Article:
Jetwing Lighthouse was one of the last major projects Bawa worked on and remains one of his most admired. Perched on a scenic rocky promontory just west of Galle, the hotel opened in 1997 at a time when Galle barely featured on Sri Lankan itineraries, however this coastal region with its beaches, surf breaks, ancient temples, and low country tea plantations is one of the most visited parts of Sri Lanka today.  Bawa designed the hotel’s granite walled entrance to mirror what is now Galle’s prime attraction: a splendidly preserved seventeenth-century Dutch fort, home to eclectic and bustling streets of art galleries, cafés, boutiques and restaurants.

Jetwing Lighthouse by Geoffrey Bawa Architect in Sri Lanka:
Jetwing Lighthouse by Geoffrey Bawa Architect in Sri Lanka
photograph courtesy of article provider

Channa Daswatta, another protégé of Bawa and perhaps the architect most closely associated with him, assisted Bawa on the Lighthouse project. The property was designed to command superb views of the ocean from its rock-top perch and comprises a series of interlinked open spaces that make the most of this unique landscape. It has been described as, ‘a love affair with light’.

Perhaps most striking is how comfortably Jetwing Lighthouse lives with its environment. Whilst the rocks might have proved challenging to the design they are successfully incorporated and celebrated into the space, emerging boldly from steps and corridors. Bawa even transformed one of these into a statement entrance staircase. Created by Bawa’s friend, Laki Senanayake, the intricately carved copper and brass balustrade depicting a clash between Portuguese and Sinhalese armies, is fiercely expressive, and playfully illuminated by a ball of light filtering in through an oculus in the Romanesque domed ceiling.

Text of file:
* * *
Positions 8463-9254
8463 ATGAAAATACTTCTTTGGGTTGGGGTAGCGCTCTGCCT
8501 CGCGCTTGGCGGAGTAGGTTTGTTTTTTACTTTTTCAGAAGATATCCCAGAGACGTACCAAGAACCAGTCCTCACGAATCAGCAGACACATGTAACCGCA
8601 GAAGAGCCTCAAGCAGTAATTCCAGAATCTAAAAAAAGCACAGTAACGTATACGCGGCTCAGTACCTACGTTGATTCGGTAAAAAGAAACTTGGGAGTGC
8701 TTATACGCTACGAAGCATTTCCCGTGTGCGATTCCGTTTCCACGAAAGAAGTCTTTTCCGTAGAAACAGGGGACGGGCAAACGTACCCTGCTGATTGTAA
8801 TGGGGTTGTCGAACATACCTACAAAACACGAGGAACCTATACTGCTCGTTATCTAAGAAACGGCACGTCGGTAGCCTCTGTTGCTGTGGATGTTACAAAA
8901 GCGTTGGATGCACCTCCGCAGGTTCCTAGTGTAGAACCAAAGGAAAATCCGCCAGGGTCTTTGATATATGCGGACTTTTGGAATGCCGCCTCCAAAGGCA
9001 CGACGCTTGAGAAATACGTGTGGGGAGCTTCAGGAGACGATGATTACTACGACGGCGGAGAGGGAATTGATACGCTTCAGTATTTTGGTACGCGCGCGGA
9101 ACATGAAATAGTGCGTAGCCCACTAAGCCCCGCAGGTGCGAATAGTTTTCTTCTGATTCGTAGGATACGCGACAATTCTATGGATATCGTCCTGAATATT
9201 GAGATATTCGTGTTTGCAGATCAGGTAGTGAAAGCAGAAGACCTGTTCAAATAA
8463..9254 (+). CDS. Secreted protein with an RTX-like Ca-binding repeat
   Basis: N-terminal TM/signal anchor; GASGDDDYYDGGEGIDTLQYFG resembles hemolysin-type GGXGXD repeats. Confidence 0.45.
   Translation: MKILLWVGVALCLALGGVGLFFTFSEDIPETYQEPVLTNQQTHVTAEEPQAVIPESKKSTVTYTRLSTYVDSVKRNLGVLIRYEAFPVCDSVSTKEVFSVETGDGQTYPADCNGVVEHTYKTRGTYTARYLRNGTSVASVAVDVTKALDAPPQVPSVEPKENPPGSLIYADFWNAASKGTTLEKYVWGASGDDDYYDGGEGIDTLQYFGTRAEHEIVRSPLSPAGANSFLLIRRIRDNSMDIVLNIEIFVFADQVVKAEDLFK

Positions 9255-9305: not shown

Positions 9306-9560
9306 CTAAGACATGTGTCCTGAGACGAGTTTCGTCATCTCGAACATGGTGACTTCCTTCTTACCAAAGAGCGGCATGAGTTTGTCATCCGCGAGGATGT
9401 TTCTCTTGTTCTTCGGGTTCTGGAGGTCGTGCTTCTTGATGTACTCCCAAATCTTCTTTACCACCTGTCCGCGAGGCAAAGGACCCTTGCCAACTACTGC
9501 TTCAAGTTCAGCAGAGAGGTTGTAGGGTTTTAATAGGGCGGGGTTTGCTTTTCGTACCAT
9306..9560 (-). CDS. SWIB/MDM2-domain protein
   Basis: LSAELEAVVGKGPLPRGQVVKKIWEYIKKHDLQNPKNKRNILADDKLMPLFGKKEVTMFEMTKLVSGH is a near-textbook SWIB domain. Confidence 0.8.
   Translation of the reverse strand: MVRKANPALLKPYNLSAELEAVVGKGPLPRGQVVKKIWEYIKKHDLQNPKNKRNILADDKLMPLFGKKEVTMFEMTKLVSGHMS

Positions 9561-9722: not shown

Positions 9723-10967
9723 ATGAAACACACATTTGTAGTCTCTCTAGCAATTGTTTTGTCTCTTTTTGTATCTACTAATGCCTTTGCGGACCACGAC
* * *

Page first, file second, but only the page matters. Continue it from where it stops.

Incorporating the environment so brilliantly into the design of his projects is perhaps the most outstanding and best legacy Geoffrey Bawa could have bestowed on his fellow Sri Lankan architects. Indeed, contemporary architect Sunela Jayewardene, driven by a passion for the environment, recently spoke of her very simple principle of design; “I don’t like to impose on the land. I like to frame views rather than try to become the view,”. The full interview with Jayewardene can be read here.

Further information on the Jetwing /Bawa properties

Geoffrey Bawa – Key Project

Kandalama Hotel, Dambulla, Sri Lanka

Geoffrey Bawa – Key Buildings, Sri Lanka

Featured Building, alphabetical:

Ayurveda Pavilions – health retreat, Negombo

Blue Water Hotel, Wadduwa, south of Columbo
Date built: 1997
damaged by the Asian tsunami at end of 2004

Cinnamon Hill House & garden, Lunuganga

Druvi & Sharmini de Saram House, Colombo

Ena de Silva House, Colombo

House Bagatelle Road, Colombo

House for Pradeep Jayawardene, Red Cliffs, Mirissa, near Weligama

House for David Spencer,, Rosmead Place, Colombo 7

Kandalama Hotel, Dambulla (aka Heritance)